I remember the first time I heard the myth that “Revolvers are more reliable than semi-auto pistols” …
I wasn’t even a teenager and my father had taken the family out to West Virginia where we were attending an informal “pistol competition”. (It was basically just a row of steel pepper poppers and a table of bowling ball pins that you shot head-to-head against the other guy but to me I thought it was obviously the coolest place in the world.)
Anyways, one of the ‘old timers’ there was talking to my mom about self-defense guns–this must have been in the 90’s when concealed carry was first becoming popular.
The old timer told my mom “You know, revolvers are actually more reliable than semi-autos … because if you have a misfire … you just pull the trigger and the wheel rotates to the next round. All you have to do is keep pulling the trigger …”
To my young, impressionable brain — that made all the sense in the world.
And you still hear it today that “wheel guns” are more reliable than modern semi-auto pistols … but is it true?
As I’m about to show you, that’s not the case at all …
Where the myth of revolver reliability comes from …
Tom Givens recently explained to me where this myth comes from. This is why it’s so great to train with a guy like Tom who has “seen it all” and also knows the history behind these things:
“The old crap about revolvers being more reliable than autos arises from the ammunition that was available when autos first appeared in military and police service, circa 1900.
Ammunition of that day had unstable primers that deteriorated quickly when exposed to gun oils, solvent vapors, and just ordinary exposure to weather while carrying the loaded gun and ammo on the belt. The primers of that day contained mercuric salts, which gather moisture form the air and cause corrosion. These “corrosive primers” made cleaning the gun the same day it was fired and absolute necessity. If the gun was not cleaned immediately the mercuric salt deposits in the barrel would gather moisture and cause rust overnight.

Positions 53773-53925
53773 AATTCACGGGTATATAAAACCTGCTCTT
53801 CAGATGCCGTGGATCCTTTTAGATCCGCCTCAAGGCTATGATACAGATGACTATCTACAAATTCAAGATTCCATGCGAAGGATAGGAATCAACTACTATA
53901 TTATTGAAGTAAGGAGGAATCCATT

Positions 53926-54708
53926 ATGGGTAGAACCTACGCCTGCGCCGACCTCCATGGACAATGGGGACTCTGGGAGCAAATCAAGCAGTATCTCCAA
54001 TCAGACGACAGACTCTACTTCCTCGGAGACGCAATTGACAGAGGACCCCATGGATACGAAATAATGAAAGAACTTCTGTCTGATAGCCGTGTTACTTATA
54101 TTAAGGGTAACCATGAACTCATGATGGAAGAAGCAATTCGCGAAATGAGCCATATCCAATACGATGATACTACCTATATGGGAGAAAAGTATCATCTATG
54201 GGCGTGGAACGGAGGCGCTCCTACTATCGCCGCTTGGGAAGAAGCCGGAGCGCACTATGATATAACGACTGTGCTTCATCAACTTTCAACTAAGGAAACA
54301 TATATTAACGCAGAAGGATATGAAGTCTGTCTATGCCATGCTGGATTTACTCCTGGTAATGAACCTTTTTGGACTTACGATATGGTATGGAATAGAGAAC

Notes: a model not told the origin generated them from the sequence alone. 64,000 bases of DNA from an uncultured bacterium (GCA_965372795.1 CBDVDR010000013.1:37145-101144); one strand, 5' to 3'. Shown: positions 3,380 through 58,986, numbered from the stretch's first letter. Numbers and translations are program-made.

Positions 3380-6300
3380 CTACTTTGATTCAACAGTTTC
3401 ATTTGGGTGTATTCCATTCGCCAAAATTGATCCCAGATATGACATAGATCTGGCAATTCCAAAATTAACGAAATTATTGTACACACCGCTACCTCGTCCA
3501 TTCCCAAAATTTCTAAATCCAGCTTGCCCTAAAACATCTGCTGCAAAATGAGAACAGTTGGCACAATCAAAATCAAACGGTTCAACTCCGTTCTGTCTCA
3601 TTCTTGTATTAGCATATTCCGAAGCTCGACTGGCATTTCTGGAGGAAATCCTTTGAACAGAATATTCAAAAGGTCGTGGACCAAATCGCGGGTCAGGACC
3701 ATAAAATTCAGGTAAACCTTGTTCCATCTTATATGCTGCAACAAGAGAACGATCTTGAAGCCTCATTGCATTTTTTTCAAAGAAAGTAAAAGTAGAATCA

Unfortunately, these mercuric salts in the primer gather moisture when ammunition is being worn on the belt and often failed to fire when needed. This is no longer an issue as these mercuric primers have not been in use in the US since World War II.
Modern primers contain lead styphnate, not mercuric compounds. Modern primers are far less susceptible to oils, solvents, and the weather. However, when auto pistols first became common the mercuric ammunition was all that was available and misfires were common. If a revolver misfires the user simply pulls the trigger again and a fresh round comes up for another try. If a cartridge in a semiauto pistol misfires the user must perform an immediate action drill to get the gun back in operation. With modern ammunition a properly maintained semiautomatic pistol is about as reliable as a machine can be.”
So there you have it …
In an age, OVER 100 years ago, when ammunition was less reliable — and the most common fight stopper was a bullet that did not fire (failure to fire) — the revolver was thought of as more reliable because all you had to do was pull the trigger again instead of tap, rack, bang with a semi-auto.
Now, with more reliable ammo — is the revolver still reliable?
No, and here’s why …
Reason #1: Five or Six chambers instead of one …
An auto pistol has one chamber attached to one barrel. A revolver has one barrel and 5 or 6 individual chambers that have to line up precisely with the barrel in order for it to fire. If due to wear and tear or whatever else, these chambers are off by even a thousandth of an inch, a bullet could shave off a forcing cone or misalign with the firing pin and you’ll get misfires.
In other words, revolvers require tighter tolerances by nature of their multiple chambers … and … tighter tolerances mean they are more failure prone by design.